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Zwiebach problem 12.4

  1. Oct 26, 2007 #1
    1. The problem statement, all variables and given/known data
    The first part of this problem makes no sense to me because n is a constant in gamma and when you multiply gamma by zeta the n is somehow supposed to get inside the zeta function...


    2. Relevant equations



    3. The attempt at a solution
     
  2. jcsd
  3. Oct 27, 2007 #2

    It's pretty straight forward. What does equation (1) look like after the replacement t -> nt?
     
  4. Oct 27, 2007 #3
    I understand what he wants:

    [tex] \Gamma (s) \zeta (s) = \sum_{n=1}^{\infty}\Gamma (s) n^{-s} [/tex]

    and it is easy from there.

    But that equation is like saying that

    [tex](a x^2 + bx +n) (\sum_{n=1}^{\infty} n^2) = \sum_{n=1}^{\infty} (a x^2 + bx +n) n^2[/tex]

    My point is that there is very poor notation in this problem.

    Zwiebach uses an n outside the summation which simply does not make sense.
     
  5. Oct 27, 2007 #4
    My bad. I should have written:

    Replace t with nt in

    [tex]\Gamma(s) = \int_0^{\infty}dte^{-t}t^{s-1}[/tex]

    after you put the gamma inside the sum.
     
    Last edited: Oct 27, 2007
  6. Oct 27, 2007 #5
    I see. I was stupidly replacing t with nt before I put the gamma inside the sum. I take back what I said about the poor notation.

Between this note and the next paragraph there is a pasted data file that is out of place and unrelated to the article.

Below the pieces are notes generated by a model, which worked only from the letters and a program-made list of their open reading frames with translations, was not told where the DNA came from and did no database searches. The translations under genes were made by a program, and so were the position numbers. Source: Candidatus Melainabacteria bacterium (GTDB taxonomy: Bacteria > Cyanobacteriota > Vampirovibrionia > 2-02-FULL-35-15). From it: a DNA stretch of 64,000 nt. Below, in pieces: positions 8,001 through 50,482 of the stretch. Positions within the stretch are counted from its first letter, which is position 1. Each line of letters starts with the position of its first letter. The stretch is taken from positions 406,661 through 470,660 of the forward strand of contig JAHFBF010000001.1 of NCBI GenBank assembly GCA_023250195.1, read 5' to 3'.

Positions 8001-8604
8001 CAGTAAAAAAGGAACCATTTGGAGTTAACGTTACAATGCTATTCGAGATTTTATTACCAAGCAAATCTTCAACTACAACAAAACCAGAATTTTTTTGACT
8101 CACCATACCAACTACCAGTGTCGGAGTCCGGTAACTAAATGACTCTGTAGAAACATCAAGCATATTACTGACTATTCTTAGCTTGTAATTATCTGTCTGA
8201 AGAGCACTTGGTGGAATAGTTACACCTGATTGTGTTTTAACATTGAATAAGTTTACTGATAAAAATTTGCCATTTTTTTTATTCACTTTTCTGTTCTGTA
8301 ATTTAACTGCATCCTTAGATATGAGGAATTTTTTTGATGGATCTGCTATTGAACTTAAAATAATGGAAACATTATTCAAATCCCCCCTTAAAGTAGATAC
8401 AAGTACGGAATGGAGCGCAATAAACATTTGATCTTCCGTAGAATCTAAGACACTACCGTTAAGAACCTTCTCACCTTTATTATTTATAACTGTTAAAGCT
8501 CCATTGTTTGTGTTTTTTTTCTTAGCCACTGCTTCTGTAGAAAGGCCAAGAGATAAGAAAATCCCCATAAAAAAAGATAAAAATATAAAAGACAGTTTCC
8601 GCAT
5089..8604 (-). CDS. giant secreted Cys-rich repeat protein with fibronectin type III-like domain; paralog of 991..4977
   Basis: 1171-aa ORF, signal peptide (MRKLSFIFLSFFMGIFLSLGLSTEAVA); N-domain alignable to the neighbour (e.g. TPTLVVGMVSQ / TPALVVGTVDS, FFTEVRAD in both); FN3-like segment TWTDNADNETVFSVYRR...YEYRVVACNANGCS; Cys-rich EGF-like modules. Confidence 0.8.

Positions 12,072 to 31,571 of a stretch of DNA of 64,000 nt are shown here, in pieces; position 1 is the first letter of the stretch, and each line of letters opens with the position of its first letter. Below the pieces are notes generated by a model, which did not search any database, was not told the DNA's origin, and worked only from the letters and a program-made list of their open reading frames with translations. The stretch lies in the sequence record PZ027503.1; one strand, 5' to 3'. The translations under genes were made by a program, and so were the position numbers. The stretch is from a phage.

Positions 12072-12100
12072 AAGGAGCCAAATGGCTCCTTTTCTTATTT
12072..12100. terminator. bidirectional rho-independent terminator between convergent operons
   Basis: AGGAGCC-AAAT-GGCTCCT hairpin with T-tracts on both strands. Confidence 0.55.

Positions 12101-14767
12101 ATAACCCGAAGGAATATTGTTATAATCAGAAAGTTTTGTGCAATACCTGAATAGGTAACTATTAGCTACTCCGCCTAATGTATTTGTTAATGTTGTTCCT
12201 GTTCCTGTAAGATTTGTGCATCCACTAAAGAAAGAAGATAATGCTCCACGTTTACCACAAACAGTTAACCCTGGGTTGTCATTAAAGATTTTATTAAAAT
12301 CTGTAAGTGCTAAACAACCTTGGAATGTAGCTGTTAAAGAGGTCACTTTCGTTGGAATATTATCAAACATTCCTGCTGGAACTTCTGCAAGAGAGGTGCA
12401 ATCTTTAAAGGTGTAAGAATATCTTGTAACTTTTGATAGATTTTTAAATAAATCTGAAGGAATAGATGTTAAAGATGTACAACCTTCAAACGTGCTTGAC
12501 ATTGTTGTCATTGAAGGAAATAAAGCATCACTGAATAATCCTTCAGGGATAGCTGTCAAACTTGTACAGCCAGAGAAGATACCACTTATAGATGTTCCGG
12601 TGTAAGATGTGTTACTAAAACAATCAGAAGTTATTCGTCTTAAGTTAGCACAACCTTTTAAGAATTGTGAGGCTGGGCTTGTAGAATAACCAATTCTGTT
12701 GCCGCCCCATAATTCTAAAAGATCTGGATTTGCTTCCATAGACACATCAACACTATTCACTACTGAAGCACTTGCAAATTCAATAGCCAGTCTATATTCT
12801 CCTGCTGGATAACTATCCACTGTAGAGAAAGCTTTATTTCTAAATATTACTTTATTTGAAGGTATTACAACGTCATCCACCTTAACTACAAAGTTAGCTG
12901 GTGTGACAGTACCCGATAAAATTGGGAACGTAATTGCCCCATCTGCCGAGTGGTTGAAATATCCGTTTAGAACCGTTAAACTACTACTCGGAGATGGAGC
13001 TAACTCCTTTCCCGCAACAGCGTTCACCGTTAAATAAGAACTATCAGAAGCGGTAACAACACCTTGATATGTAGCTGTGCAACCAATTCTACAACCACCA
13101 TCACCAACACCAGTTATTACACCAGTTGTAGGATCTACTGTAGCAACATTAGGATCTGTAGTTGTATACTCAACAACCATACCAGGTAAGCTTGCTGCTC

7. Oct 28, 2007 #6
    How do you justify the last inequality?
     

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  8. Oct 31, 2007 #7
    Sorry. I mean equality.
     
  9. Oct 31, 2007 #8

    Dick

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    For the last equality, they are expanding 1/(1+f(t))=1-f(t)+f(t)^2-f(t)^3+... and keeping only the first few terms.
     
  10. Nov 1, 2007 #9
    Cool. I knew that 1/(1+t) = 1 -t + t^2 -t^3 +t^4. I didn't know it was true when you replaced t with an arbitrary function of t.

    Is there a quick way to prove that?
     
  11. Nov 1, 2007 #10
    This is not a statement about the function f, it is a statement about the number f(t).
     
    Last edited: Nov 1, 2007
  12. Nov 1, 2007 #11

    Dick

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    You can expand 1/(1+whatever) that way as long as |whatever|<1.
     
  13. Nov 1, 2007 #12
    I see. Thanks.
     
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